a guide to healthy aging for women

Healthy Aging for Women

For more about the infographic, see here.

The infographic above represents the top diseases that affect women as we age as well as strategies to address them. I was surprised to see autoimmune diseases on the chart, and even more surprised that 75% of sufferers of autoimmune diseases are women. I guess I am in good company with my Graves disease diagnosis. The National Institutes of Health website has an informative page with information about the more than 80 different autoimmune diseases, the suspected causes, and available treatments, but there is little known about the triggers that bring on the diseases.

I have my own theory to explain the rise in autoimmune diseases: I believe the change in our diet over the years, especially the increase in processed foods with preservatives and remnants of pesticides and herbicides used to increase crop yield, is playing a significant role.

In 2012, National Public Radio reported on recent research into the good bacteria in our bodies and their role in our health.

The human body contains about 100 trillion cells, but only maybe one in 10 of those cells is actually — human. The rest are from bacteria, viruses and other microorganisms.

“The human we see in the mirror is made up of more microbes than human,” said Lita Proctor of the National Institutes of Health, who’s leading the Human Microbiome Project.

“The definition of a human microbiome is all the microbial microbes that live in and on our bodies but also all the genes — all the metabolic capabilities they bring to supporting human health,” she said.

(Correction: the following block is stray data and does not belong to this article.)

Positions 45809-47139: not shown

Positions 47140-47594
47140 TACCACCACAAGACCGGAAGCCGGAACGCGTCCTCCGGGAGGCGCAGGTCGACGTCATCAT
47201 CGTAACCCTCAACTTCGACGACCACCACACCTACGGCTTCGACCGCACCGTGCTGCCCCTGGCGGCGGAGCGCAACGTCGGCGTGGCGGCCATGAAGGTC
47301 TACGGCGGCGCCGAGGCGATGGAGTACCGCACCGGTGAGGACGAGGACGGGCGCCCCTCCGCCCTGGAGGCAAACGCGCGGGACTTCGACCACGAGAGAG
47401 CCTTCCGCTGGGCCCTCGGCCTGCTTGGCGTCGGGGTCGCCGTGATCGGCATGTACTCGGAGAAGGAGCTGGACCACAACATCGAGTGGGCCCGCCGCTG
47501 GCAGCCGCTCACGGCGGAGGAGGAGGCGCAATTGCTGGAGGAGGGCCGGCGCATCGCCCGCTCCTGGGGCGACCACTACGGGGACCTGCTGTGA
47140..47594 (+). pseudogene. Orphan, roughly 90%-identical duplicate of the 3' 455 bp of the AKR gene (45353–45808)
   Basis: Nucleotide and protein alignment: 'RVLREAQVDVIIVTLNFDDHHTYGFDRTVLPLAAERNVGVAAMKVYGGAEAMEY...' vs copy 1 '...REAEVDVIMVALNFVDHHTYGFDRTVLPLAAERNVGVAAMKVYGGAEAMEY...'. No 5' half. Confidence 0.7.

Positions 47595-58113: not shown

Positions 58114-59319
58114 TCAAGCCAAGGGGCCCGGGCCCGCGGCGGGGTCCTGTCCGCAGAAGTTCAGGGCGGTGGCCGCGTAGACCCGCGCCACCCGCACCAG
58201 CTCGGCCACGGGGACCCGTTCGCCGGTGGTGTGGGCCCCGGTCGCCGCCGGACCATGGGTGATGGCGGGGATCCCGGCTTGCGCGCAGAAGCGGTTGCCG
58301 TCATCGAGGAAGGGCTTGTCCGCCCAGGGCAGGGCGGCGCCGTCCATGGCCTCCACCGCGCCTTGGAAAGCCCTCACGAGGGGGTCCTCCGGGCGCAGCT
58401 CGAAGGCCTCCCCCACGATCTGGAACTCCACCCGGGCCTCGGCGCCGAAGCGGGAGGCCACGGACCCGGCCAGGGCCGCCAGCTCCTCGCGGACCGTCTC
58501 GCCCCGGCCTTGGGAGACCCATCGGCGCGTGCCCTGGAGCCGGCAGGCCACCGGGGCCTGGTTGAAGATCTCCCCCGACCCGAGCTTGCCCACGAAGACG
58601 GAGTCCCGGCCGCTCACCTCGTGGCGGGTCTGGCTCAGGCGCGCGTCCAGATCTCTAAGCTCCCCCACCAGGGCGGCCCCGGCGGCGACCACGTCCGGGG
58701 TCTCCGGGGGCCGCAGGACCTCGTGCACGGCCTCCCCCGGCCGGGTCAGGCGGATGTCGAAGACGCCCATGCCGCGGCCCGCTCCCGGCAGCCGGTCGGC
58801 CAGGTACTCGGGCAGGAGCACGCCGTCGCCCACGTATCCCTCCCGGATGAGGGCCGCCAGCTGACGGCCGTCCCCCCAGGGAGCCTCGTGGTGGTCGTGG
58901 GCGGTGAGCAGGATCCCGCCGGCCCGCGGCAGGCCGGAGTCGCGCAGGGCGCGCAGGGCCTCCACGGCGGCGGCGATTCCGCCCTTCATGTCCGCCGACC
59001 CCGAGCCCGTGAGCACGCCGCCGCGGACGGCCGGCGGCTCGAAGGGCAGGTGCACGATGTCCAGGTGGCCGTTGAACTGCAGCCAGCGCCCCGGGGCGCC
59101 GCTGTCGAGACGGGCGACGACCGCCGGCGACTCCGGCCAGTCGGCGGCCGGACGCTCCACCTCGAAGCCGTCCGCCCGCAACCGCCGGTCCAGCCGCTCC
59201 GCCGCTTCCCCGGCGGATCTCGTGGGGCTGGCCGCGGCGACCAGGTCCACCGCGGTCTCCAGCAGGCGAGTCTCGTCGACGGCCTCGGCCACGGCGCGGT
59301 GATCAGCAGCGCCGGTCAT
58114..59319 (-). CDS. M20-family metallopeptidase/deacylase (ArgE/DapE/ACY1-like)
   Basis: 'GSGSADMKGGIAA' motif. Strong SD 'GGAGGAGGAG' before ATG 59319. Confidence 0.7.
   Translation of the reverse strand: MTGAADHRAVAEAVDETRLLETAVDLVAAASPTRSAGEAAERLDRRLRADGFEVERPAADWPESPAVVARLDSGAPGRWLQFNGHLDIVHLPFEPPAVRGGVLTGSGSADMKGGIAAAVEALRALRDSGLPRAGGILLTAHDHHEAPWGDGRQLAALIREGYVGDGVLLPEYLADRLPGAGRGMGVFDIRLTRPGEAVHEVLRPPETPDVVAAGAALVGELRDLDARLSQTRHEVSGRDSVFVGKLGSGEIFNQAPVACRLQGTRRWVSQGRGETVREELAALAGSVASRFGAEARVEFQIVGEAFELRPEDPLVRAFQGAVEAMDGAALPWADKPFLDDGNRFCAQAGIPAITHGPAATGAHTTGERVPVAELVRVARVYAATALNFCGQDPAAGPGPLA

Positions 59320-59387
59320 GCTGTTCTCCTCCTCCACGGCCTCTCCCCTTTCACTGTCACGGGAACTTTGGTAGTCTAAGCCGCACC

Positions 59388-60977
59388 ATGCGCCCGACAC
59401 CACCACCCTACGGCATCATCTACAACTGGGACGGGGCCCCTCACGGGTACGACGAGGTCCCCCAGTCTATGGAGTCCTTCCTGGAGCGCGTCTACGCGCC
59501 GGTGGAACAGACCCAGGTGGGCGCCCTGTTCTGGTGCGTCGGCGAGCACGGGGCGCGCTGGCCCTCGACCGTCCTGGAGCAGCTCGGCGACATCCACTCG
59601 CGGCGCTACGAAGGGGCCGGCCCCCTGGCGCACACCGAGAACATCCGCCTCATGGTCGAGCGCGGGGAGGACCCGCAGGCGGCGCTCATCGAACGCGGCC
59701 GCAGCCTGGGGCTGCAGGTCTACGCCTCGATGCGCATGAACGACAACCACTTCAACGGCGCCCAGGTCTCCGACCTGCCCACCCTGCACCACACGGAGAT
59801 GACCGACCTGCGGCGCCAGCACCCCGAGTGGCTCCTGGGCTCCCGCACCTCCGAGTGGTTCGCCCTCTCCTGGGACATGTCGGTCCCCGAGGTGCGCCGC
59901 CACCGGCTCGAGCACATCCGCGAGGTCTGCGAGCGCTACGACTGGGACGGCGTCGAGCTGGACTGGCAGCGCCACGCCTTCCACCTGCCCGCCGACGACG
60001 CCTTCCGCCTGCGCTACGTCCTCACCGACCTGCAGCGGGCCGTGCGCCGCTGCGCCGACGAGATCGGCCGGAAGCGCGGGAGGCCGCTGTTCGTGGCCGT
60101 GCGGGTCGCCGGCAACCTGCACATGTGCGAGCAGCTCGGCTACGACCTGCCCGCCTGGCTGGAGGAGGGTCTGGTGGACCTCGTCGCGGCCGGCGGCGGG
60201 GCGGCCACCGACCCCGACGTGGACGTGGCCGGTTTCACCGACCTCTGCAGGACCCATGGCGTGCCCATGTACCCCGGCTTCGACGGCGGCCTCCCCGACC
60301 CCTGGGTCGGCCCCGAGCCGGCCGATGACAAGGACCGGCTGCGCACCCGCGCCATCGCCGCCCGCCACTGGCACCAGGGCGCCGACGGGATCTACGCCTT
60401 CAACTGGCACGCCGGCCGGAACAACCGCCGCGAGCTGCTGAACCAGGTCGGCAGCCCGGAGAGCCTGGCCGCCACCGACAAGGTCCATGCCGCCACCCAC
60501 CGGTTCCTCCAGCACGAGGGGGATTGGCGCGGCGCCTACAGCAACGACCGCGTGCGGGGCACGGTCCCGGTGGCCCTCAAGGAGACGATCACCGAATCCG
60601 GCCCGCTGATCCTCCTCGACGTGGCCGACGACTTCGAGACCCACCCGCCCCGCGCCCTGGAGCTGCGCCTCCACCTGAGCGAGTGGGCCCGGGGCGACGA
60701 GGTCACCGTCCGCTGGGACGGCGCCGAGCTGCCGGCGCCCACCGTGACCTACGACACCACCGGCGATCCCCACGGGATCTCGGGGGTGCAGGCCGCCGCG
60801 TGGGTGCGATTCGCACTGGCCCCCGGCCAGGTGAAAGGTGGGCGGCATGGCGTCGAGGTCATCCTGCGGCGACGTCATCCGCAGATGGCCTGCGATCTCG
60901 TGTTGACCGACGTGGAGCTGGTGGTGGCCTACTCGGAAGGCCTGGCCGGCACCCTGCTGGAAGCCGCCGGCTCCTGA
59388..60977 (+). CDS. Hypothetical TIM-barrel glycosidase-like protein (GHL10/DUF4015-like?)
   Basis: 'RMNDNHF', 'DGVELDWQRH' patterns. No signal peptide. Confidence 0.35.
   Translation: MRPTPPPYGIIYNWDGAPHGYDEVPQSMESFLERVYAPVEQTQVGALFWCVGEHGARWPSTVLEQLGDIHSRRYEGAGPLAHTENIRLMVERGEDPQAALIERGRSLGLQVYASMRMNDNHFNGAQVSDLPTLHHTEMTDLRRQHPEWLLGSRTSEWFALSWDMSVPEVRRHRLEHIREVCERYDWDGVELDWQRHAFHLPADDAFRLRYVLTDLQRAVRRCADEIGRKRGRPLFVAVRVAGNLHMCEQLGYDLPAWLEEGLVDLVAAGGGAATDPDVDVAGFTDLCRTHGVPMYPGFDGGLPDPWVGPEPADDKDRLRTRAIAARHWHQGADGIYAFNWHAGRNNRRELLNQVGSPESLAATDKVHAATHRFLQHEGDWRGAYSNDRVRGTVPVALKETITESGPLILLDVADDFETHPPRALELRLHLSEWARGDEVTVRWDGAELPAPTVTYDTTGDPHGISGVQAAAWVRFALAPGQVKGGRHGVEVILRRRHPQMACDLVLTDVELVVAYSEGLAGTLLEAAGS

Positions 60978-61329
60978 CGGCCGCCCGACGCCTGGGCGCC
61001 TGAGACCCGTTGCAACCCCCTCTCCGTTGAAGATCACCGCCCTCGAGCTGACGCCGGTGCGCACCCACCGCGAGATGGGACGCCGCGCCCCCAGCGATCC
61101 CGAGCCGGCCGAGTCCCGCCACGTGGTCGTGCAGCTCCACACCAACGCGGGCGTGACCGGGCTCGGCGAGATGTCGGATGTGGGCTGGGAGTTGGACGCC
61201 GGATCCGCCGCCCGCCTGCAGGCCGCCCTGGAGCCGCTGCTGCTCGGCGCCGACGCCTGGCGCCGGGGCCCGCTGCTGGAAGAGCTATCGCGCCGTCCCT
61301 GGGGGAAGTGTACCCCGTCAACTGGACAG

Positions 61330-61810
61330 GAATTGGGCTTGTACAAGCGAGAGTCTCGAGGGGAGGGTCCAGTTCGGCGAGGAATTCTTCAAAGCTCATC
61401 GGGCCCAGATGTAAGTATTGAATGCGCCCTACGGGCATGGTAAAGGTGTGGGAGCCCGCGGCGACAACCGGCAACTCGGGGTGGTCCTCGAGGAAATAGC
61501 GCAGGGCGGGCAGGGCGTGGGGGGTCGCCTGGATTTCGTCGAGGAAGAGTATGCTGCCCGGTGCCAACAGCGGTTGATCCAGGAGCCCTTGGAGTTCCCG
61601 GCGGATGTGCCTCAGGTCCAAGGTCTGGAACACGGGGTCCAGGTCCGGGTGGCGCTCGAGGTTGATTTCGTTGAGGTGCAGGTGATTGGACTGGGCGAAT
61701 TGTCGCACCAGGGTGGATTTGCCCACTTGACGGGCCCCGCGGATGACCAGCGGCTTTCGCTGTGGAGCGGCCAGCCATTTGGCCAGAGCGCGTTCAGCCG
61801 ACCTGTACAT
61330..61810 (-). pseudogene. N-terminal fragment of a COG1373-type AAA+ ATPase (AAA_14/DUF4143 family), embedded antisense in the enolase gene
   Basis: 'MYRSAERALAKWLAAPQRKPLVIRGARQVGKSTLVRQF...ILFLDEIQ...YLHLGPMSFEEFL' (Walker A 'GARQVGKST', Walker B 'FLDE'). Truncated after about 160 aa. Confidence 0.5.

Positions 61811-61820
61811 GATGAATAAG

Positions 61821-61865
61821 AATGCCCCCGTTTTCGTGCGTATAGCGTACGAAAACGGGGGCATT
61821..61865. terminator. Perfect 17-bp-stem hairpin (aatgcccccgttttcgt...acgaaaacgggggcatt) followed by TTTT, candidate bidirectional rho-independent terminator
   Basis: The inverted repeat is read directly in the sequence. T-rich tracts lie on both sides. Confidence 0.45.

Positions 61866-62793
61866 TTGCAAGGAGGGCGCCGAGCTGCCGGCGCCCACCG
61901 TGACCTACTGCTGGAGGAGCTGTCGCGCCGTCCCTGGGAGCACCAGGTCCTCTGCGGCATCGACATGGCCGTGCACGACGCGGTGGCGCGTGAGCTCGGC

These microbes aren’t just along for the ride. They’re there for a reason. We have a symbiotic relationship with them — we give them a place to live, and they help keep us alive.

“They belong in and on our bodies; they help support our health; they help digest our food and provide many kinds of protective mechanisms for human health,” Proctor said.

And for the past 75 years, we have been killing off the microbes that used to live in our digestive system through the addition of preservatives that make it possible for us to keep the products on our shelves longer. It makes sense to me that if the preservatives kill off the bacteria the food processors don’t want in their products, then the preservatives will continue to do the same work in my gut.

A July 2014 New York Times article reported on studies by Dr. Martin J. Blaser who concludes that we are losing the variety of microbes that used to be part of each human organism.

Dr. Martin J. Blaser, a specialist in infectious diseases at the New York University School of Medicine and the director of the Human Microbiome Program, has studied the role of bacteria in disease for more than three decades. His research extends well beyond infectious diseases to  autoimmune conditions and other ailments that have been increasing sharply worldwide.

In his new book, “Missing Microbes,” Dr. Blaser links the declining variety within the microbiome to our increased susceptibility to serious, often chronic conditions,  from allergies and celiac disease to Type 1 diabetes and obesity. He and others primarily blame antibiotics for the connection.

I am a convert to the organic food movement. I plan to eat what doesn’t come with preservatives, antibiotics, pesticides, or herbicides in order to get everything my body needs, not a limited selection offered up by food processors. I want grass-fed beef and free range chickens. I want fish from the sea, not from a farm. As I shift my diet, I’ll be looking for improvements in my Graves disease and diabetes. And I’ll pass on my observations, subjective and based on limited data though they may be.

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